57. StoryADay Live! Presentation on Dialogue at Main Line Writers
  58. Massages with Kate
  59. Jake Simubukuru concerts at the Colonial
  60. Doing a 20kg Turkish get up
  61. Doing a 24 kg Turkish get up
  62. Facebook Live! on Creativity, from Hogwarts
  63. Voting
  64. G starting Middle School
  65. G drumming (and starting individual drum lessons)
  66. G’s band concerts
  67. A’s chorus concerts
  68. G joining the Middle school chorus
  69. A going to Hershey with the chorus
  70. Going to Broadway trip with A, his friends and a Republican campaign manager the week before the election
  71. GP coming here for local presentations
  72. Finishing F’s 50th Aran sweater (and the fact that it fitted beautifully!)
  73. Apple Pay
  74. Taking control of the master card bills
  75. Using AA miles to fly to Writer Unboxed Unconference for free!
  76. Freelance gig for BD
  77. City of Mirrors by Justin Cronin
  78. Station Eleven by Emily St. John Mandel
  79. Going to Glasgow Science Center with L&M
  80. Going to Horrible Histories Live show with my kids and parents.
  81. Killing the landline
  82. Getting G a phone
  83. A and K building a computer together
  84. Pokemon Symphonic at the Mann Center
  85. Pokemon Go
  86. Setting up a pocket money system for the boys
  87. Levothyroxine
  88. Speaking at Just Write
  89. The Just Write Story Jam in Spring City
  90. Octavia Butler
  91. Getting a ‘wow’ from critique partner when she read the end of my novel
  92. Braving the Surf Rider at GWL
  93. Posting a make-up-free selfie after waterpark fun with kids. Looking great.
  94. Open mike reading at Main Line Writers
  95. Running StoryADay September by recycling the May prompts (totally legit!)
  96. Reading lots of short stories and logging them
  97. Singing with the PREP kids. The K-4 kids are so cute
  98. Fran Wilde & Chuck Wendig’s book signing
  99. Watching Sherlock with G
  100. Taking my parents to Chanticleer House & Gardens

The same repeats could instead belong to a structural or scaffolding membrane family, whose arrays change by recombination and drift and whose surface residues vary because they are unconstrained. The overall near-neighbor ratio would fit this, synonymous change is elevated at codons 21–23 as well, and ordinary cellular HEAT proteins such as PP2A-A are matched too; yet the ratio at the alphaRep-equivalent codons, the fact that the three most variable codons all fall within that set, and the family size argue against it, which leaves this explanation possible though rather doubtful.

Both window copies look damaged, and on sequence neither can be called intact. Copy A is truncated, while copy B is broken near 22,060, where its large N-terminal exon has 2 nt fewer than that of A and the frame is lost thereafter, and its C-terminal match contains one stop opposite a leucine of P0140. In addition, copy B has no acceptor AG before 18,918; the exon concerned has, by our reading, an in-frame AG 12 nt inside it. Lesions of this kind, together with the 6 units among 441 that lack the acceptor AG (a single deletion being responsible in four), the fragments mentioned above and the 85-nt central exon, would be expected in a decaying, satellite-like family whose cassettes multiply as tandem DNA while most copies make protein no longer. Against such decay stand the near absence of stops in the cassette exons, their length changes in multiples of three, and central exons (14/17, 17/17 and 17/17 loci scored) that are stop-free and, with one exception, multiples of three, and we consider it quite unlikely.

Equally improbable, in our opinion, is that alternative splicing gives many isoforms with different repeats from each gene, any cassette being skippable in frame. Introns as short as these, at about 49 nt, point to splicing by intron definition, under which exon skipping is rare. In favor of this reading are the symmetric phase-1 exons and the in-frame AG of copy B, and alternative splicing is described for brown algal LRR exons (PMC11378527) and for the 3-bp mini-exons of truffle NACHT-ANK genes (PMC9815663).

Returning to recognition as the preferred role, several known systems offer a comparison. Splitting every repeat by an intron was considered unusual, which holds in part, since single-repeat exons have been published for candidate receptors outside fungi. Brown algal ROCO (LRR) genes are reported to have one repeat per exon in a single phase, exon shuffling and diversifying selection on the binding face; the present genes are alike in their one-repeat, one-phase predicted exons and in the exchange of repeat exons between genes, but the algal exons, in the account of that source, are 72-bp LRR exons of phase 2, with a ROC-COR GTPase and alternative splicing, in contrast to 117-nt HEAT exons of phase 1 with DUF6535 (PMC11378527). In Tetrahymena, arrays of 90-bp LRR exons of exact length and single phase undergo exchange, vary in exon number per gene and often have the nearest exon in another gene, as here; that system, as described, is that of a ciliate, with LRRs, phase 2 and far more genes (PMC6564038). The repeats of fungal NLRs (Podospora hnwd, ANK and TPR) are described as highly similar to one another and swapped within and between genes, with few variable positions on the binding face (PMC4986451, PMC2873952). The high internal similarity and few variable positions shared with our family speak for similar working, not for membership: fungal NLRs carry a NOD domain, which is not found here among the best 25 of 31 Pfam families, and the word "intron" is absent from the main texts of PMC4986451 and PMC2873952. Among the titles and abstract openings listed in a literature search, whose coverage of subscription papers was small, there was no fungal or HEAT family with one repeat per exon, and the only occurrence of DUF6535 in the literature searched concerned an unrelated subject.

101. Meeting with LD and talking about kindle fiction
  102. Outlining a series of cozy mysteries 😃
  103. Thanksgiving in Orlando with K & the boys
Inspiration for this list came from Austin Kleon: http://austinkleon.com/2016/01/01/top-100-2015/

How I Made Some New Habits Stick, in January

Habits Update Jan 2016

Last month I was writing about habits over at StoryADay.org and trying out various ways to change my habits — not just for a day or two, but for the whole month.

I had varying degrees of success and I learned a thing or two. I thought I’d share them here.

picture of Asian Zoodle Salad Jar from FoxesLoveLemons.com

photo: FoxesLoveLemons.com

Habits I Was Trying To Develop In January

  • Taking a new medication every morning (Routine? Ugh!)
  • Writing fiction regularly, to a goal of 10K words a month.
  • Reading a spiritual meditation every day.
  • Tracking my food intake.

Things That Went Well

Anchoring

I wrote about this at the start of the month. I had taken part in a study once that used this technique to make habits stick, so I knew it ought to be powerful, but I don’t think I really believed I could make it work so well.

But I did.

Now, every morning when I wake up, I roll over and take the medicine that’s sitting next to my bed. (My incentive to remember this is actually pretty perfect: it has to be take on an empty stomach, so if I don’t stick to this, my first coffee is delayed by every minute I waste. Aargh!)

My 30-day challenge for January was to read a spiritual meditation every morning. I anchored that habit to “the moment my son gets in the shower”.

Logging

Logging My Words

I have had a love-hate relationship with logging in the past. When I set daily goals for my writing, all it did was make me feel terrible. Partly because I was setting ‘best of all possible worlds’ numbers. And partly because I’m not built to write consistently every day.

Realizing this, I settled on 10,000 words of fiction a month, early last year, and made that my goal.

Logging the words (especially on a day when the writing is going slowly) really helps me to feel like I’m making progress.

Unexpected Bonus